The start was a little fast and I followed the leaders closely, hoping to wait out my lungs' reluctance to fully function. As we made our way across the landscape the lungs didn't seem to come around. In reality, I was working at a 60-70% ability level and hurting for it. The one thing I had for me was my ability to suffer and my fitness. I knew that despite everything, I could put up with the breathing and subsequent pain from weakness for the rest of the race. I would just start the inevitable pain process earlier, and put up with it longer. Temps dipped down to -20 around sunrise, but I felt good with my gear.

About 25 miles from the start, and soon after another few pulls on the inhaler, the attacks started from Lance Andre with the group responding. I would slowly pull this group back, doing what I could considering I could not "push" it. Well, soon after another regrouping, we hit a hill and my lungs "popped". Breathing got more rampant, legs became more week. It was not a full attack from my body, but more of a building revolt. I stopped, added air in my rear tire as it felt like I was dragging a bag of bricks; no help.

So, I limped along at a very reduced rate, looking to my lungs to rally and continue forward. I rolled through the 1st checkpoint as planned, afraid to expose the lungs to the warm air inside and then the cold again, a past trigger for me. A few miles down the trail and I could tell it was getting worse. A u-turn back to the checkpoint was made to regroup, so I could at least finish this race. The situation worsened. Draped over my bike, I gasped for a full minute, preparing the strength just to make the 20 foot walk to get inside. Once inside I had uncontrollable breathing. I sat, too weak to stand.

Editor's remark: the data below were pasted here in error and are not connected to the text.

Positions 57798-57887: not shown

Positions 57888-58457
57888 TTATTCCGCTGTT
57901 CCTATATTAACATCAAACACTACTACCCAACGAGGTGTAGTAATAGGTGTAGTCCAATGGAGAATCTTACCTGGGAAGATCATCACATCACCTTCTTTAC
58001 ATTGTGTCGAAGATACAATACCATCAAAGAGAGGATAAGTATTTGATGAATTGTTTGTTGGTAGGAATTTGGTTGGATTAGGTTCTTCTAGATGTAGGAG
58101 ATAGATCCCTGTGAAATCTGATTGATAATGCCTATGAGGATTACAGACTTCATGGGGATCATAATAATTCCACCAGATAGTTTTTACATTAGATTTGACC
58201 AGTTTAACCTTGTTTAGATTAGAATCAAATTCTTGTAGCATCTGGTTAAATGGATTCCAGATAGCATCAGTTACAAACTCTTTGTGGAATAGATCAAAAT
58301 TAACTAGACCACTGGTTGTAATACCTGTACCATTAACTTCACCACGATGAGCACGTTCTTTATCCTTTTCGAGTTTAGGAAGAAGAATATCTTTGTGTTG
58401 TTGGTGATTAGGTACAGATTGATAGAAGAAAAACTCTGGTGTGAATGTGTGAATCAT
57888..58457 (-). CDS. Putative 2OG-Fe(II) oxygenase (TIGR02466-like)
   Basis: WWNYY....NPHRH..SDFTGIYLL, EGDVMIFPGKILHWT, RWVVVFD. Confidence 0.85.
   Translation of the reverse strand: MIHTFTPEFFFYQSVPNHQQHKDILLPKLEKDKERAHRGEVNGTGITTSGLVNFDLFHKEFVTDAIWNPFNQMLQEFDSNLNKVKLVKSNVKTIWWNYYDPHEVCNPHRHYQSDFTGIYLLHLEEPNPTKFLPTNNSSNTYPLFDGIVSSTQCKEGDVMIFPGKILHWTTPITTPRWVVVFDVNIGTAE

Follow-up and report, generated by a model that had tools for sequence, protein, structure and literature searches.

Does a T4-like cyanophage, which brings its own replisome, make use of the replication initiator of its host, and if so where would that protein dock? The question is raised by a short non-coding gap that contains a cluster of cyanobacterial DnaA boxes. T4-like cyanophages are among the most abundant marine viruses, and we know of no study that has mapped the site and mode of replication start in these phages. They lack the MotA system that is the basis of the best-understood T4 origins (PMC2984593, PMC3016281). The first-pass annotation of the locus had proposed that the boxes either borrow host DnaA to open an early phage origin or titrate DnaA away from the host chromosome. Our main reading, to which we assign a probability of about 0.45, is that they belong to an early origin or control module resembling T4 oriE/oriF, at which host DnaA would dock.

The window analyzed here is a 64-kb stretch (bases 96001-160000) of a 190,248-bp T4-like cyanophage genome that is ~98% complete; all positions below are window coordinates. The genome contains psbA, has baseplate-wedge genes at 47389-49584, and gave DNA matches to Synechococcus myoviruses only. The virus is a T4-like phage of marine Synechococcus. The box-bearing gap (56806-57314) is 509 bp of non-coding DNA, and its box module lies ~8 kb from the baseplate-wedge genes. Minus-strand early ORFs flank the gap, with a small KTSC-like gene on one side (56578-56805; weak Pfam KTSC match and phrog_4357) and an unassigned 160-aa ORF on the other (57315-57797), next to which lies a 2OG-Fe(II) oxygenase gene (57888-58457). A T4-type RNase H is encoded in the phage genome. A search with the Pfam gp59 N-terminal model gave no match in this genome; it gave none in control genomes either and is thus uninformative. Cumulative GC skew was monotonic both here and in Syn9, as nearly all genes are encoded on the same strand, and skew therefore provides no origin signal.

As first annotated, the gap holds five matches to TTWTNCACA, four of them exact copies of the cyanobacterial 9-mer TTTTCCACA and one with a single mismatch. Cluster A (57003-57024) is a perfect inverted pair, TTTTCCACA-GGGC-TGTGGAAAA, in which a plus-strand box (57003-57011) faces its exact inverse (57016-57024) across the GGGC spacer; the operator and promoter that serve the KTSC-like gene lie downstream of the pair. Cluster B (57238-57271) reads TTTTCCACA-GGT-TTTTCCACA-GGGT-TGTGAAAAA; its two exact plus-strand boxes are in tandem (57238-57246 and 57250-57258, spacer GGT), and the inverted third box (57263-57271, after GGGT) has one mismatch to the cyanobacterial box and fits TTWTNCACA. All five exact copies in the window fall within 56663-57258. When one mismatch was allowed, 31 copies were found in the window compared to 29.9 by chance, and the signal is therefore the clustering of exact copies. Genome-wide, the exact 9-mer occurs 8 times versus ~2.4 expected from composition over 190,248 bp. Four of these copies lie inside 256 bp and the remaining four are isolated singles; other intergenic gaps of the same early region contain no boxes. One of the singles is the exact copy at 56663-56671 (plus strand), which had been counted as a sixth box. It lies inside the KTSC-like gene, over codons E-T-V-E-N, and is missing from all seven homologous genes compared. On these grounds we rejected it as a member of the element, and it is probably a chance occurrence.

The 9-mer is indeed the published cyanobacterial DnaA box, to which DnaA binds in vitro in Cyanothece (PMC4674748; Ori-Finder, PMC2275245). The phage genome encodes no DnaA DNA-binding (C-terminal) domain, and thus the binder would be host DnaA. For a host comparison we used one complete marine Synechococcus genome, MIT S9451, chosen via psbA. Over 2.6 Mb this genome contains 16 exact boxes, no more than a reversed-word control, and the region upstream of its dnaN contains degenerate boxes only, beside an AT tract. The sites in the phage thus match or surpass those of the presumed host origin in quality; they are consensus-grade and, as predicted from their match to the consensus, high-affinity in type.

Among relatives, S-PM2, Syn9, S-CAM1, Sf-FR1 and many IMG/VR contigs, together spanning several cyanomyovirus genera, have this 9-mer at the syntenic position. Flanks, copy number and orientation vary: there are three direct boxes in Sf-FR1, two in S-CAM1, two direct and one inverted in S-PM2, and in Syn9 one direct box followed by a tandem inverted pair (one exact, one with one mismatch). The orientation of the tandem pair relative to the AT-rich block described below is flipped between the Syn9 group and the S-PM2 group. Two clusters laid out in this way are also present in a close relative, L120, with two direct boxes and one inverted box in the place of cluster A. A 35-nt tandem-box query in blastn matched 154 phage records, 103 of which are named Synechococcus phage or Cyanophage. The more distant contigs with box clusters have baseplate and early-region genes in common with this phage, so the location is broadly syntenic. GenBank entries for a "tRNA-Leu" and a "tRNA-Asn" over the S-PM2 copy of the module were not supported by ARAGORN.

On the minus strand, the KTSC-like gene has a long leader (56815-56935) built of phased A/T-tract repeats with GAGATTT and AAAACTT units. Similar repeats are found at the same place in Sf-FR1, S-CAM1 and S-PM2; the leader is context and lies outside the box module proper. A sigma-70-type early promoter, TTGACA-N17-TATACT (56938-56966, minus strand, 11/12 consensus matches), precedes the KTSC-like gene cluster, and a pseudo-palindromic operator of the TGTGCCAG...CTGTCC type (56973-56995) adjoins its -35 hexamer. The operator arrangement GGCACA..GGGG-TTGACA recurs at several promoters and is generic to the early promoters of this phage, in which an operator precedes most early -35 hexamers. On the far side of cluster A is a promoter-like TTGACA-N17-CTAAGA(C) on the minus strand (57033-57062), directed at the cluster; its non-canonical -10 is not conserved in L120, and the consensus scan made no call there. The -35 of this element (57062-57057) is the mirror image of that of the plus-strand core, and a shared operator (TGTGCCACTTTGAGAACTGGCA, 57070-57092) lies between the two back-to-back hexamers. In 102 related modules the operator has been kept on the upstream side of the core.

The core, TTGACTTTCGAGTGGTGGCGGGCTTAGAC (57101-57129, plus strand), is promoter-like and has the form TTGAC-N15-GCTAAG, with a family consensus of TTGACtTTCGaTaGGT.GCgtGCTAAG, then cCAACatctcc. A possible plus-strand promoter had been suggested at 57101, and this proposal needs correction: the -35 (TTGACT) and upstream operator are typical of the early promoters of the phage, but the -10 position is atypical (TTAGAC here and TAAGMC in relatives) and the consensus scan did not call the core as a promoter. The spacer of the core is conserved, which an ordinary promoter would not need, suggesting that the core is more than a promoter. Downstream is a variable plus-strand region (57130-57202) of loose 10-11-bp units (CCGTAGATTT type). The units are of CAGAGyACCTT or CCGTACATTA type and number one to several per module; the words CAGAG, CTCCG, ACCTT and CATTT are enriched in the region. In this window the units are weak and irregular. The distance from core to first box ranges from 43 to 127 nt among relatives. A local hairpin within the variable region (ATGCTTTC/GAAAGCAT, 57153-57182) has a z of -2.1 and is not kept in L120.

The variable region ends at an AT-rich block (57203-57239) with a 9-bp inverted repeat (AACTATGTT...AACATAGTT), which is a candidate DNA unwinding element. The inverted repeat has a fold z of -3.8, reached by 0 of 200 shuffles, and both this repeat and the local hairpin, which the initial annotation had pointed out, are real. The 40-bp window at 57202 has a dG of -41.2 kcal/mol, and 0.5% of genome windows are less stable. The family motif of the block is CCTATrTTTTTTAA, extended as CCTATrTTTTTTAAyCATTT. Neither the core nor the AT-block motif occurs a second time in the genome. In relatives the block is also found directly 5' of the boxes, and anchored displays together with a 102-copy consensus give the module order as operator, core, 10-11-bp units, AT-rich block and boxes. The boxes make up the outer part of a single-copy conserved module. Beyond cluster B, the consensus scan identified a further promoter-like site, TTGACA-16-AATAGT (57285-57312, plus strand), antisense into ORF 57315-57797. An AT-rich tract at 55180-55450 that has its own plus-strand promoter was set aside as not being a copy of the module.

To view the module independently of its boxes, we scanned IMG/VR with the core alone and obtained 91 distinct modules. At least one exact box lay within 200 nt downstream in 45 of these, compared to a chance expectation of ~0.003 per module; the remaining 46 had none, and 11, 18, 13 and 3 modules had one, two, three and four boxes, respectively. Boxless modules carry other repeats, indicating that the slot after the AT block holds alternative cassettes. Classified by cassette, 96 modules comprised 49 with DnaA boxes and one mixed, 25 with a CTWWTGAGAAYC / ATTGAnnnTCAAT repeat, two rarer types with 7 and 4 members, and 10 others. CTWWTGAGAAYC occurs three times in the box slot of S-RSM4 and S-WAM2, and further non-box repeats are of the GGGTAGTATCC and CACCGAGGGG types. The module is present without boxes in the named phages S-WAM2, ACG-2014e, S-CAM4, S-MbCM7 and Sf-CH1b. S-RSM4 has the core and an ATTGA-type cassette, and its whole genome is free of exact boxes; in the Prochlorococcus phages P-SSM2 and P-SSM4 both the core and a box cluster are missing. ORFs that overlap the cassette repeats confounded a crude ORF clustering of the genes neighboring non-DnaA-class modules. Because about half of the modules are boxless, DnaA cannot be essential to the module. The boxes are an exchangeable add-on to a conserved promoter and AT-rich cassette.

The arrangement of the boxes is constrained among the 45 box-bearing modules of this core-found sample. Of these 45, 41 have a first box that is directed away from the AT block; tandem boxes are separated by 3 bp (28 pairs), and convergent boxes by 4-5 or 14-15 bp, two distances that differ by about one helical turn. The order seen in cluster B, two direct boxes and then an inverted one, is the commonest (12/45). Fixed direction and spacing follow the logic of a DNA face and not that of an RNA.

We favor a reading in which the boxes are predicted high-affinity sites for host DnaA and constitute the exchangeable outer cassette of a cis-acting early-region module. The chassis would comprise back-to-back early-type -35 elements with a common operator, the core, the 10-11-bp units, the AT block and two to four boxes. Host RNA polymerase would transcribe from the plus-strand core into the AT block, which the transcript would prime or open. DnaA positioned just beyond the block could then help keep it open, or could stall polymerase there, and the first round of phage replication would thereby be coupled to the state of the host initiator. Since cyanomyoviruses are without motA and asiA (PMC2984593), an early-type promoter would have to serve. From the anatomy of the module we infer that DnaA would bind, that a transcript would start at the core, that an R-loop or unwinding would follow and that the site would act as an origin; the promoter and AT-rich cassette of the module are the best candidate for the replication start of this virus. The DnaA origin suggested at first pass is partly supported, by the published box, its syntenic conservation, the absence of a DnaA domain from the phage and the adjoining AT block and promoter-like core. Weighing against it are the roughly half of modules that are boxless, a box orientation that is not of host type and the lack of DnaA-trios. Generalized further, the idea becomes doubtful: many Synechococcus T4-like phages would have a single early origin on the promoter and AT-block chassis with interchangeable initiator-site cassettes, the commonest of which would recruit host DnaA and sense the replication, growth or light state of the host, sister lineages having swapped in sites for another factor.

After a a long period a few words could be muttered, forced between rapid breathes. Luckily J-No was there so he could explain to the "EMT" what was wrong and that I indeed use inhalers. I think I sat there for 30 minutes before I even felt the strength to stand. Jokes were made to cover the emotions I really felt. The frustration of all the work I put into this event only to have it taken from me by something I felt helpless to. It seems the instruction manual for my body is in Chinese, and I am not quite bi-lingual yet.

So that is that, my race was done. I loaded pictures onto the blog and bummed around the finish waiting for for J-No to come in (I am expecting his race report soon). Currently, I am working with the Mayo Clinic's finest to figure this whoole thing out.

Oatley, Biuffington, Dittmer, Peterson, and Doom all had great races, taking the top 5 spots. Congrats to them on a job well done. That being said, I hope to return next year, determined to drop them all down one spot on the podium.